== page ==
Recently, my depression came back and I was transported back to my middle school feeling. Thankfully my family was there for me and supported me in seeking professional help. It pushed getting my degree back further; which can be a pro and a con. However, I it was something that I needed to do to better myself as well as my future students.
    I am linking two sources for anyone. One source is called The compassionate friends.

    https://www.compassionatefriends.org/home.aspx

    This website is for parents who have loss children due to any reason. This is an organization that my family is apart of. They also have a siblings chapter that can assist children during the loss of their brother or sister. You can search in the website to find a local chapter within your area.

    The second website is called the semicolon project. This website is a suicide/mental illness prevention. This website was created by a woman who experienced suicide and mental illness in her family. This website is not meant to ‘glorify’ suicide. It is a website for support and realization of how to seek help for any type of mental illness.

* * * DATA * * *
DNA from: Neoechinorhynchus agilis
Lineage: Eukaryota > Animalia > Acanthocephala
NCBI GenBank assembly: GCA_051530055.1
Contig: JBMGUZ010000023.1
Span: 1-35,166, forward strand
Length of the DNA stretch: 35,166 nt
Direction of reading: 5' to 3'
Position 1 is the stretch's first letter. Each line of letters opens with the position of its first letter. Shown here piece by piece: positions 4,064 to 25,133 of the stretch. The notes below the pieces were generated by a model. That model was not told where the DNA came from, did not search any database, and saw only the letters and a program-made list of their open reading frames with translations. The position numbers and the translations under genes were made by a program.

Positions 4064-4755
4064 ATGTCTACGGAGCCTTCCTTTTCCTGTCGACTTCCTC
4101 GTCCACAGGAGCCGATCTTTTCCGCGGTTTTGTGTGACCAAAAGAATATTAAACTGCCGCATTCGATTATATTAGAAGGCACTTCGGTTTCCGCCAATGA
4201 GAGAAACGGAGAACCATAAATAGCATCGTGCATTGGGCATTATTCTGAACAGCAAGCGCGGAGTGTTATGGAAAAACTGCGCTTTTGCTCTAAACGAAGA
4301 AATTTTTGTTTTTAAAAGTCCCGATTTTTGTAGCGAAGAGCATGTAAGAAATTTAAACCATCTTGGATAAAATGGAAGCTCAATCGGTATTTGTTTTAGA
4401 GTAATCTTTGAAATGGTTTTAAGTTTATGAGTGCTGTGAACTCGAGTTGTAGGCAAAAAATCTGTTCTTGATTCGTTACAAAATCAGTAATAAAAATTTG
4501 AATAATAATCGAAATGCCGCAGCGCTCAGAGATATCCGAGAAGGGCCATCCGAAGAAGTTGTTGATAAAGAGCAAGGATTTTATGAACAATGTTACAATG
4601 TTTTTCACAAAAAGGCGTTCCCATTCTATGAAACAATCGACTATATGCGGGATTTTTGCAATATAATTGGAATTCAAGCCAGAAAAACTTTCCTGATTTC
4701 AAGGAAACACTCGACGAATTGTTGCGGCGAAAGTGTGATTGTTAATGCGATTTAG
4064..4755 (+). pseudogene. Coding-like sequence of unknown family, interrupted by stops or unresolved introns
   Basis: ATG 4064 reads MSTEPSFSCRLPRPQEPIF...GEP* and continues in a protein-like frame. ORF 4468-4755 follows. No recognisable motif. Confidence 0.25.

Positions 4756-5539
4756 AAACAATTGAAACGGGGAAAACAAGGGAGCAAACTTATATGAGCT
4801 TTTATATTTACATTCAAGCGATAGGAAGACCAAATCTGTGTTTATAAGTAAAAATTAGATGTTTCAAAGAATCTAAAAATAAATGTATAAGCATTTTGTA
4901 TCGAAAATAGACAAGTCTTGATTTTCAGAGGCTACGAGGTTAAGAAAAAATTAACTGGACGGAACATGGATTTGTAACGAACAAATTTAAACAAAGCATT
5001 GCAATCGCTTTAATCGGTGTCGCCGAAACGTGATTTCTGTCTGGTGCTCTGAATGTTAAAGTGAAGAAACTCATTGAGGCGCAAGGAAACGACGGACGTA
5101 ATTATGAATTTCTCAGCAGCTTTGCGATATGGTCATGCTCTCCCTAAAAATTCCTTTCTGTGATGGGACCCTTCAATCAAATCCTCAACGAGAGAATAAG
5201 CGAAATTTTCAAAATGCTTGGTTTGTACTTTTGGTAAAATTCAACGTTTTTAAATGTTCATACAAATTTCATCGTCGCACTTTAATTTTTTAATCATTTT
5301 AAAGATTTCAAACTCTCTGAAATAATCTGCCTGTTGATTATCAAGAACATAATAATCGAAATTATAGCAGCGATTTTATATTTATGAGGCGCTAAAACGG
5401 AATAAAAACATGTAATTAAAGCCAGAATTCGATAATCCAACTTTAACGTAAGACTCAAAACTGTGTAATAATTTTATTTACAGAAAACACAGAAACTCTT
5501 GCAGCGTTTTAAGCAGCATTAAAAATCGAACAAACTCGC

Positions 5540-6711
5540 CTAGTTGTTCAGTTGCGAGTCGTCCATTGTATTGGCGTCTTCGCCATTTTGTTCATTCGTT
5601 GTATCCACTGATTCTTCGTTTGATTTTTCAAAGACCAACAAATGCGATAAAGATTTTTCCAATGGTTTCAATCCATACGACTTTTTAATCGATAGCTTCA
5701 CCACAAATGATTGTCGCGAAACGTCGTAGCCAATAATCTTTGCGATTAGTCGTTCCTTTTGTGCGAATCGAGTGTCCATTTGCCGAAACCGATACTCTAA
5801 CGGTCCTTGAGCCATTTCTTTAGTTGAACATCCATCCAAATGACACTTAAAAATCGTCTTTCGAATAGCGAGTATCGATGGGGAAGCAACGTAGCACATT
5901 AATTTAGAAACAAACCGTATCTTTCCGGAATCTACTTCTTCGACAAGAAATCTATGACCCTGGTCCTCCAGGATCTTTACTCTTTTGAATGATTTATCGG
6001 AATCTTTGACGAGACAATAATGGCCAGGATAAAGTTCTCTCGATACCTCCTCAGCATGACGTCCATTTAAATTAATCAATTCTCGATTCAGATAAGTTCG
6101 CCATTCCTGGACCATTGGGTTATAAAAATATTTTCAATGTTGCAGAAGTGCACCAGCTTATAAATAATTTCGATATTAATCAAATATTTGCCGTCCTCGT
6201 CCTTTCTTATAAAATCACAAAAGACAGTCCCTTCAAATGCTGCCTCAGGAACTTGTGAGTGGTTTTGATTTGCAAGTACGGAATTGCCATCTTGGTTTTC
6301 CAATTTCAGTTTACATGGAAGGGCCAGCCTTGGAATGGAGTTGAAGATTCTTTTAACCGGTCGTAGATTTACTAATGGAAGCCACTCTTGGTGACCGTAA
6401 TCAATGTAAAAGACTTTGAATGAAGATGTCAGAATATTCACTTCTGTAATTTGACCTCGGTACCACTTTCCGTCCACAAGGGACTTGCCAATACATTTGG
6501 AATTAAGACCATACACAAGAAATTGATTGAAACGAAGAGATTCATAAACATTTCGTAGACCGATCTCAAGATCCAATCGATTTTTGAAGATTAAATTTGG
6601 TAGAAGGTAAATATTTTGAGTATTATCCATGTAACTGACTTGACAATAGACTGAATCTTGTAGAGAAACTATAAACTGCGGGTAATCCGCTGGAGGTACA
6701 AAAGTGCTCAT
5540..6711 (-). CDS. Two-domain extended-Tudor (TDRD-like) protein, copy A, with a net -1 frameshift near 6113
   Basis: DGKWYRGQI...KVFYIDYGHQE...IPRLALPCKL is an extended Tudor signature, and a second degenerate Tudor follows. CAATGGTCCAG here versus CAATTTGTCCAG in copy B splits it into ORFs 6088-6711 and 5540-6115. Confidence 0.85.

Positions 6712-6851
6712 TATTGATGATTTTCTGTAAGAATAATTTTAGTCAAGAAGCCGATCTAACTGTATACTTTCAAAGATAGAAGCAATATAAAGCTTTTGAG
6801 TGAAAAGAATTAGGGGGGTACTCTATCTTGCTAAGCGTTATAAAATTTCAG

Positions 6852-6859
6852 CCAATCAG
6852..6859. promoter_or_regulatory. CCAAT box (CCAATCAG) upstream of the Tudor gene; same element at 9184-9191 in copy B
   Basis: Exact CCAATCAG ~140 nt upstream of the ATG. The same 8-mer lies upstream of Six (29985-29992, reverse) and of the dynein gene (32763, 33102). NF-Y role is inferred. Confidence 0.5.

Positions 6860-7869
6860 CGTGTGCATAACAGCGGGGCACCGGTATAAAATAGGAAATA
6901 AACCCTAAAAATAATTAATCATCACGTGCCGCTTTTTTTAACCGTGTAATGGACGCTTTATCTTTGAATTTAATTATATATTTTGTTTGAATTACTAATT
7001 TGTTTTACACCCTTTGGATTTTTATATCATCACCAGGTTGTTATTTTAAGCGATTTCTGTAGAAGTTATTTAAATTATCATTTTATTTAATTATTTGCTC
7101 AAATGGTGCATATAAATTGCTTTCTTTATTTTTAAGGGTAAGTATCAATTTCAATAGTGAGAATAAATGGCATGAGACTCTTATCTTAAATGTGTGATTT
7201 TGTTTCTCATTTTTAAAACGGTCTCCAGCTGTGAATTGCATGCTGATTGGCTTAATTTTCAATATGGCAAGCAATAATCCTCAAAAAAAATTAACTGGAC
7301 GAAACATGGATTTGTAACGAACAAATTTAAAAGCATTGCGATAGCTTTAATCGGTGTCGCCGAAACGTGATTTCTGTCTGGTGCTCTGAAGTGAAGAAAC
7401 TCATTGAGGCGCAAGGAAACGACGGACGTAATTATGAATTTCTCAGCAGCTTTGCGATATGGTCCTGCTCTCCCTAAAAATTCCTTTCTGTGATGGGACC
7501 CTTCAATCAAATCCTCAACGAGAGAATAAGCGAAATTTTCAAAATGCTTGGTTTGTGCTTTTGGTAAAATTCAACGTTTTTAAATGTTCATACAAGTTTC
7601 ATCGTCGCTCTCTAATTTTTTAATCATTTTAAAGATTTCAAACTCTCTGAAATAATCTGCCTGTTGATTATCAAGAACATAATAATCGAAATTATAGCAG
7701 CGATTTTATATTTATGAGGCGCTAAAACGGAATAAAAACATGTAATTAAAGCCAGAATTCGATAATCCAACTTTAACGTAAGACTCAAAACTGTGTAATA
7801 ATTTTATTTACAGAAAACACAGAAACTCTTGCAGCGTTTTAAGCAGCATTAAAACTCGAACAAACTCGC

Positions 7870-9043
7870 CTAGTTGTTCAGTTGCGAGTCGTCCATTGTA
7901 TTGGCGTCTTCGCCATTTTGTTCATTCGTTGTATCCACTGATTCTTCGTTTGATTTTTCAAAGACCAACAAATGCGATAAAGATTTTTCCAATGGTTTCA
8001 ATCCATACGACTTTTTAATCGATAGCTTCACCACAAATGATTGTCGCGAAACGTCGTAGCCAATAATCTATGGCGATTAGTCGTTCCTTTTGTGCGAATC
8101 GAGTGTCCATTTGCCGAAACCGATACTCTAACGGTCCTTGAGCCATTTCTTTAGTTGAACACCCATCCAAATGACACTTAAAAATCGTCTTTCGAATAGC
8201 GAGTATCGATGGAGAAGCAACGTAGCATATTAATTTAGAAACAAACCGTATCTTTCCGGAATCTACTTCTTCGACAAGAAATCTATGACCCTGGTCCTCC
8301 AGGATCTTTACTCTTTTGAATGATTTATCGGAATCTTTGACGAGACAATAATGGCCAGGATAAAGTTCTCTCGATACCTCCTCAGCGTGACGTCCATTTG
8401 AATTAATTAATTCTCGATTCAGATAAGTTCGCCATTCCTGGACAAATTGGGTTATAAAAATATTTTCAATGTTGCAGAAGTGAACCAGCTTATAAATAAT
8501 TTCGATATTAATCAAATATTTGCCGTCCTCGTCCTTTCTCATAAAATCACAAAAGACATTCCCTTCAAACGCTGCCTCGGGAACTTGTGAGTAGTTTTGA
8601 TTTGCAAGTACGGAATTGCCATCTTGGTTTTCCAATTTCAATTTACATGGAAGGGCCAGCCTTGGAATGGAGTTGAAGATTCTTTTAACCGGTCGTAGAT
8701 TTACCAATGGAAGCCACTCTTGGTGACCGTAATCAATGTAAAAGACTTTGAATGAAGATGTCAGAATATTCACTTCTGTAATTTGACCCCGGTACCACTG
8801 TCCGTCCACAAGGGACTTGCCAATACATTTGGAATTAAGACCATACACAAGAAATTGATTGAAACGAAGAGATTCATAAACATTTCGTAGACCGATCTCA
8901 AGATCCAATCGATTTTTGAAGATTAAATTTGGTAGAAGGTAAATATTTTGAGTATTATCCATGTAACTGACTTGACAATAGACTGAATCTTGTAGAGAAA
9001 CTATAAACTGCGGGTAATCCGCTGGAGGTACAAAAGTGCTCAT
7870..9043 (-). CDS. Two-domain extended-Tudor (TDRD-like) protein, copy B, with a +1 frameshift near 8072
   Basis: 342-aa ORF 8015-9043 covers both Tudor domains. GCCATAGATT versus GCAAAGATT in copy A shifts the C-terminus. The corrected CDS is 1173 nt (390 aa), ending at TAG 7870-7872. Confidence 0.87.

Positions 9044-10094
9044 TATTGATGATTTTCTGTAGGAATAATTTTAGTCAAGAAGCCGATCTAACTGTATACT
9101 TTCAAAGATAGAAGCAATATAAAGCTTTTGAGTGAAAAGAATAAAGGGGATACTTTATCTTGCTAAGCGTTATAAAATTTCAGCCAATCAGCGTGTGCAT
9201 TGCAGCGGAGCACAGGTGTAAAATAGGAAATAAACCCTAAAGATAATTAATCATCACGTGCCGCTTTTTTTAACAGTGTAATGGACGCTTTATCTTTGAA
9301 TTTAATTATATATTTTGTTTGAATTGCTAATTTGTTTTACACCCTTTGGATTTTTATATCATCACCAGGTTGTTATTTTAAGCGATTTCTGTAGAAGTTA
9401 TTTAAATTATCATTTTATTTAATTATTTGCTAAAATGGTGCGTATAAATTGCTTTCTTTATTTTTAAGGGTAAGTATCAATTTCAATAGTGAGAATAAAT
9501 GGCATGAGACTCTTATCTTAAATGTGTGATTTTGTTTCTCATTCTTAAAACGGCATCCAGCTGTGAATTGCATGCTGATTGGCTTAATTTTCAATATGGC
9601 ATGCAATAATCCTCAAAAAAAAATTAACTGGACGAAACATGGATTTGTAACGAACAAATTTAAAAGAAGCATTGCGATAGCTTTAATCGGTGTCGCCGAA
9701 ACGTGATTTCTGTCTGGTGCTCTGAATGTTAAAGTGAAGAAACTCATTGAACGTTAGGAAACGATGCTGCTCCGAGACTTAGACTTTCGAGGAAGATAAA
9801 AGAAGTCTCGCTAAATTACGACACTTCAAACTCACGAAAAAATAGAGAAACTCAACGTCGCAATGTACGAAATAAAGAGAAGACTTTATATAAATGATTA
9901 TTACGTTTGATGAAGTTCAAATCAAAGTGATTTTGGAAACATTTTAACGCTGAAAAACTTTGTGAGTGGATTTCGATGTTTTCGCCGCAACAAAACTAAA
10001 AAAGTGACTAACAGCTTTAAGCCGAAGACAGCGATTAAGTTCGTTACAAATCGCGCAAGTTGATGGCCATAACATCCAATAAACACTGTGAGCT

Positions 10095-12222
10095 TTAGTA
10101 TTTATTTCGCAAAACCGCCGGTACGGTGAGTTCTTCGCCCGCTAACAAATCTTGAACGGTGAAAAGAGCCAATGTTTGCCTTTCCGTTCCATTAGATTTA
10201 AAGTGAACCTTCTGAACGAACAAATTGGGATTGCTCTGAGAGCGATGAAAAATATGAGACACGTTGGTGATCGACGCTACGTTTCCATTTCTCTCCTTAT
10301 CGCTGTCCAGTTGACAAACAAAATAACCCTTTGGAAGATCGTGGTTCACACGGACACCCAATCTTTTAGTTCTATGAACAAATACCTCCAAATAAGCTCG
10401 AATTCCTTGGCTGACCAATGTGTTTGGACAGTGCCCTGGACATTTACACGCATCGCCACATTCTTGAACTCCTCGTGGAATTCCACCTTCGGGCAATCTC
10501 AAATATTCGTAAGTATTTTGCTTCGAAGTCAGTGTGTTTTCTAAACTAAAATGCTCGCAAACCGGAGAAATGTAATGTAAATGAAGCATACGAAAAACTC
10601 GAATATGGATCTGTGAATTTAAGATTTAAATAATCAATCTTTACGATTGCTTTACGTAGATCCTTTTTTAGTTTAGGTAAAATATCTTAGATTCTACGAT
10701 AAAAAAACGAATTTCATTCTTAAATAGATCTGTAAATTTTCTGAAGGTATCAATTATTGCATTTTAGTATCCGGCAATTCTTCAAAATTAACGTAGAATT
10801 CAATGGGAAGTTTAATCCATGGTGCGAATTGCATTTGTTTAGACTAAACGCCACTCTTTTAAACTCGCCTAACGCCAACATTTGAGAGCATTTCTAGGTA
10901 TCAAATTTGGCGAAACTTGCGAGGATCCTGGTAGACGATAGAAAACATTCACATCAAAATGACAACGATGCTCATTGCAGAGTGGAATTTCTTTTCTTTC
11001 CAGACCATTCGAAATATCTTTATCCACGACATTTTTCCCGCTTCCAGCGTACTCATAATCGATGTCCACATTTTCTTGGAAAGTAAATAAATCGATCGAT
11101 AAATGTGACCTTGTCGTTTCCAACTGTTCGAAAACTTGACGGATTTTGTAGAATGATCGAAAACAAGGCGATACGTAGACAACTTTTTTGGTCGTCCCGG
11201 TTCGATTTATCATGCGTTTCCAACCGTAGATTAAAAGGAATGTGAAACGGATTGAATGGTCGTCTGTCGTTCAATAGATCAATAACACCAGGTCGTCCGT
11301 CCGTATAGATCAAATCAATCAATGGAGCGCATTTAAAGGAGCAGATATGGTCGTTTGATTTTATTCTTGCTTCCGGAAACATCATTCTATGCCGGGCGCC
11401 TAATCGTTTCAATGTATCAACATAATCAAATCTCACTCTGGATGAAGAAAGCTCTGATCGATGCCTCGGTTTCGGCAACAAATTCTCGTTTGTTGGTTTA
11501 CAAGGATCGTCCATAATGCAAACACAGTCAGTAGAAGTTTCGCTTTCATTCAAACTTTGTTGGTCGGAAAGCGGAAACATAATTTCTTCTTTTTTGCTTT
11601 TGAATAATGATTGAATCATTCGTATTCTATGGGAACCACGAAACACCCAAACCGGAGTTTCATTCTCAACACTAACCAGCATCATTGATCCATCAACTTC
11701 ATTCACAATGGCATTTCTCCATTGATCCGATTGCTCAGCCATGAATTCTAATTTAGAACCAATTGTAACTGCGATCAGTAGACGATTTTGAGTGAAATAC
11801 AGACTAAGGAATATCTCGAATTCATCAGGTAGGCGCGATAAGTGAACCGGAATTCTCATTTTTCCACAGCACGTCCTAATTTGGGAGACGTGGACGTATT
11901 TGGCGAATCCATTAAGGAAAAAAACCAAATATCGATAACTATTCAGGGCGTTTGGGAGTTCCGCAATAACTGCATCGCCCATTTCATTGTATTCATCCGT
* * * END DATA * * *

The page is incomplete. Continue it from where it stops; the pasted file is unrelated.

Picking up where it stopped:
http://www.projectsemicolon.org/

    I do not think this experience is written in any book. No magical textbook, lesson plain, teachers seminar, continuing education credits, blog, or all in one solution can train anyone; teacher, students, parent, coach, principle etc. in knowing what to do or how to help anyone through a death of a student. I do not even think that I have the correct answers, nor my experience that I have gone through will ever prepare me for this in my future classroom.
    All I can do is educate myself as a future teacher and know how can I help my students or co-teachers in the event that a loss of a student, teacher, parent, etc. happens.

    As teachers we are not supposed to be trained as a counselor, parent, mentor, referee, law enforcement (Classroom management), etc. We are trained to be teachers, and teachers are human.

    A human being!

    So be human to your students.
    ~Suzie